Similarly, local Purims in Central and Eastern Europe need to be seen against the background of pogrom and Holocaust that punctuated and finally ended the great community story there.

Thus we are, it seems, left with the unmistakable conclusion that the Megillah story ends with a large question mark hanging over the future of the Persian community. Instead of the “happy ending” that, perhaps, we would like to perceive, we are left with uncertainty and a great deal of serious food for thought.

Inadequate response

There are a number of major questions that need to be considered in this context. What conclusions should the Jews draw from their miraculous escape?

If the Persian Jews simply draw the conclusions that life can go on as usual and that now that Haman is out of the way, their future situation is guaranteed, one can suggest that this is an inadequate response. It might be that there are acceptable answers that can be sought within the borders of the Persian Empire. Plenty of Diaspora Jews over the years have sought institutional safeguards in their countries that are aimed at preventing random violence from threatening their communities.

However, there are many Jews in different parts of the world who have come to the conclusion after a serious bout of violence that they need to move to a more promising social and political climate. Was this on anyone’s agenda in the post-Megillah Persian Jewish community?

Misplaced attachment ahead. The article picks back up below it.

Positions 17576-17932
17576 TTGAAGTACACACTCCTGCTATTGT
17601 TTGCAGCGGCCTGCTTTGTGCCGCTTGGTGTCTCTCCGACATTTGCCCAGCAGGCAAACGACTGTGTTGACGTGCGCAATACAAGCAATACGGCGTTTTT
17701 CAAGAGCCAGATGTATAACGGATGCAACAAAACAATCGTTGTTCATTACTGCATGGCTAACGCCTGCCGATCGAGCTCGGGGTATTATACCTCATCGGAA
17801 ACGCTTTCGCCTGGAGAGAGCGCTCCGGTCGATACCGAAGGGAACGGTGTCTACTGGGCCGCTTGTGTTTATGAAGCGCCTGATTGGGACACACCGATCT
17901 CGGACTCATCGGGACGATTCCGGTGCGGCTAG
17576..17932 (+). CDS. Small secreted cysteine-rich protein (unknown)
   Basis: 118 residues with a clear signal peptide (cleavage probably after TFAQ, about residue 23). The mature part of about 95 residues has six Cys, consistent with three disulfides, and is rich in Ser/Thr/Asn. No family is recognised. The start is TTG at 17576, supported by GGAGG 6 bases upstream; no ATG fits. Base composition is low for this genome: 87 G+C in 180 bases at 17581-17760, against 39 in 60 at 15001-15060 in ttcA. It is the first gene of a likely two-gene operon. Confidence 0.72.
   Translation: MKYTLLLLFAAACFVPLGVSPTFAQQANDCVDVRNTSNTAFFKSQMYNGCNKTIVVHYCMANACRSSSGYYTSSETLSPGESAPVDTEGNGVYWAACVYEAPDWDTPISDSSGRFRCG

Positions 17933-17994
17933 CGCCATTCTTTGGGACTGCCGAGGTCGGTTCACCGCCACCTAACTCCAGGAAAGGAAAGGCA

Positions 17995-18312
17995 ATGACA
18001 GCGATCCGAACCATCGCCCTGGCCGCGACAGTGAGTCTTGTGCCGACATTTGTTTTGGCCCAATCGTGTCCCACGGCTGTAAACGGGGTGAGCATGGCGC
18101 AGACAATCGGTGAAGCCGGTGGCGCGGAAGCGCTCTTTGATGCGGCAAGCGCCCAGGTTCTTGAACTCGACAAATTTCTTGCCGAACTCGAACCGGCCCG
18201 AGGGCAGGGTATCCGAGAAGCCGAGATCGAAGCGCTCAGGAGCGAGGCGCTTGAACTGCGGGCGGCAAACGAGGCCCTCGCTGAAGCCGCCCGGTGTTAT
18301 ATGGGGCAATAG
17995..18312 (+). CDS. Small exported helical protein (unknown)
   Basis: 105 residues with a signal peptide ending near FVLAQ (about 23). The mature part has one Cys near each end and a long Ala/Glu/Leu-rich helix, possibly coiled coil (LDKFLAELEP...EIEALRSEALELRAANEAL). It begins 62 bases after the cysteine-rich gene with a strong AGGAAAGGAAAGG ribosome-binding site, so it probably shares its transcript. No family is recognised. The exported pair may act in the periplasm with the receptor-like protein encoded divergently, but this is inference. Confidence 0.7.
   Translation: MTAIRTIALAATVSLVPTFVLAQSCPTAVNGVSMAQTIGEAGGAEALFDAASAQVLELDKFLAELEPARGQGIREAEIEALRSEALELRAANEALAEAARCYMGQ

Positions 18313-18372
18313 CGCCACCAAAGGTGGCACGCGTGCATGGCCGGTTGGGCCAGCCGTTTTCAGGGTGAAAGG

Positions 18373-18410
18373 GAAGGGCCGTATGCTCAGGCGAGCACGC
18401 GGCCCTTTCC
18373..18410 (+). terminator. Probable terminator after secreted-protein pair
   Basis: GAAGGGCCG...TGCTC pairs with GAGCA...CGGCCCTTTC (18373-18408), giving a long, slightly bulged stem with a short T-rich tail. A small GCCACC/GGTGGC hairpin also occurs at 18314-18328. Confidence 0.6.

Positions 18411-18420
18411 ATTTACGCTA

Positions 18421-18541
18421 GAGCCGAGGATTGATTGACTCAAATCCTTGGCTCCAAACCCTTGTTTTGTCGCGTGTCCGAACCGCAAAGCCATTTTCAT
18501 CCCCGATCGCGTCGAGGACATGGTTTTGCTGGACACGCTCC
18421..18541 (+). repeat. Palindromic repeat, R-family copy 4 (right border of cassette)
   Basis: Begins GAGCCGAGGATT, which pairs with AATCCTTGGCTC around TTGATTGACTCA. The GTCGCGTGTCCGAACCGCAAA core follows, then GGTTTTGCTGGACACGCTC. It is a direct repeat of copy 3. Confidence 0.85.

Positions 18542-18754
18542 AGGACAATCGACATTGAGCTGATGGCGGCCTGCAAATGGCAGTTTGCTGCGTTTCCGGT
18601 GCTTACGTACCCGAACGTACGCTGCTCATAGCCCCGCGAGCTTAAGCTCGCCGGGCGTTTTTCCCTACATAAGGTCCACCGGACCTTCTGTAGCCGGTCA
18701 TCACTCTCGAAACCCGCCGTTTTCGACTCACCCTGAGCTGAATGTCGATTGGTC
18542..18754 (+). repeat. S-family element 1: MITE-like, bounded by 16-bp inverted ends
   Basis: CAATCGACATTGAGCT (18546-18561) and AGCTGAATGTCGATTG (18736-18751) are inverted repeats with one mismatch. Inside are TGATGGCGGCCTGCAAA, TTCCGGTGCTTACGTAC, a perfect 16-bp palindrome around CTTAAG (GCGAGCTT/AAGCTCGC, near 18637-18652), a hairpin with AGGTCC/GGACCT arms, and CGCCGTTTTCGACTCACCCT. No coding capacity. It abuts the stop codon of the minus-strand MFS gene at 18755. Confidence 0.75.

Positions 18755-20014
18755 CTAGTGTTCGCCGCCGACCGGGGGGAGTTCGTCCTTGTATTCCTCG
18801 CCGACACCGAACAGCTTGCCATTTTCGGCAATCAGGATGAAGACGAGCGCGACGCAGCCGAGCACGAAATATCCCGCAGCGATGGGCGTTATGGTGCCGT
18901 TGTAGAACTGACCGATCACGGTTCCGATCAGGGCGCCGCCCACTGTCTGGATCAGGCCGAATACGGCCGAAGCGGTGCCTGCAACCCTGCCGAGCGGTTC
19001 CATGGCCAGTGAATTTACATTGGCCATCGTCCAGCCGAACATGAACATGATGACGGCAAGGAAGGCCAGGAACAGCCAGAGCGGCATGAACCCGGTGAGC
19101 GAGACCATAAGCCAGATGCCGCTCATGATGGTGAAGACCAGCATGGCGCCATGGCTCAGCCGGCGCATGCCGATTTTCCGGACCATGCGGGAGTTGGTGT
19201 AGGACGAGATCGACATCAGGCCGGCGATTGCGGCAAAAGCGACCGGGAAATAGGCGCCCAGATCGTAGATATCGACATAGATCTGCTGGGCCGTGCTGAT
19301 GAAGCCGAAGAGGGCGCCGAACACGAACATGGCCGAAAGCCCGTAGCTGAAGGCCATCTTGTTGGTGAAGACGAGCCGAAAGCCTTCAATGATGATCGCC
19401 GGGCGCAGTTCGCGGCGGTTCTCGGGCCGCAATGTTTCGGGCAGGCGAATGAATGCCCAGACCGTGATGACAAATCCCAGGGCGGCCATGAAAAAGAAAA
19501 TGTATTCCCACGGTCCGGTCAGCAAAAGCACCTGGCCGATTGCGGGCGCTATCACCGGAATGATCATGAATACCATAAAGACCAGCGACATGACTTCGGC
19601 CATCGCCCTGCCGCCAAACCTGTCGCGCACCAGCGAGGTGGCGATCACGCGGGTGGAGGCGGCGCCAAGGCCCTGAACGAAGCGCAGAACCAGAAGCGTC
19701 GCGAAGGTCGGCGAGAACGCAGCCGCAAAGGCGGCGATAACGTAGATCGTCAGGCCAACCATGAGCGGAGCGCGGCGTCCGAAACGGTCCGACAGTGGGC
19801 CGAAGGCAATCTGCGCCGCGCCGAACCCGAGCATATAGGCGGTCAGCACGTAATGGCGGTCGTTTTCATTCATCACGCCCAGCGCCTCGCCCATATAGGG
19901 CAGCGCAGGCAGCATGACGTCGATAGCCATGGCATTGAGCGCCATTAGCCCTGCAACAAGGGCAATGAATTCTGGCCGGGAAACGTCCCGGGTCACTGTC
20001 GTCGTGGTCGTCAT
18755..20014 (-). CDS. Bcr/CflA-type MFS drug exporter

Lastly, it can be questioned whether in the larger picture of Jewish history, moving from one place to another was anything but a short-term panacea for a wounded community. In most places in the world, a Jewish community fleeing to some new land, would as often as not meet violence in their new place if they stayed there long enough.

Only the Zionists

Around 700 or 800 years ago, Jews fled Ashkenaz in large numbers because of the dreadful post-Crusade violence and moved to Poland. After a couple of centuries of relative calm, enormous violence broke out that would ultimately engulf the Polish communities.

Jews who fled from Spain at the time of the expulsion would meet violence in Portugal, in North Africa and in Italy within a relatively short time.

Looking at the whole of Jewish history, there is only one group who had a substantially different response to the questions of the precariousness of Diaspora existence.

These are the Zionists, who came to the conclusion that the whole idea of life in the Diaspora was basically untenable. Piecemeal reforms in a potentially hostile world where the Jews were by definition, a minority, could guarantee nothing, they said.

Moving from one Diaspora environment to another that looked more promising, in search of safety, was an illusion. Sooner or later, instability would lead to violence in even the most promising of places. There was something inherently hostile about Diaspora or “galut” they said.

The only way out of the perpetual dilemma of Jewish life in exile, was to leave it behind. The exile – the Galut – must be eliminated. The way to do that was to eliminate the Jews from out of the Galut by an act of liberation, before the life in Galut eliminated the Jew physically.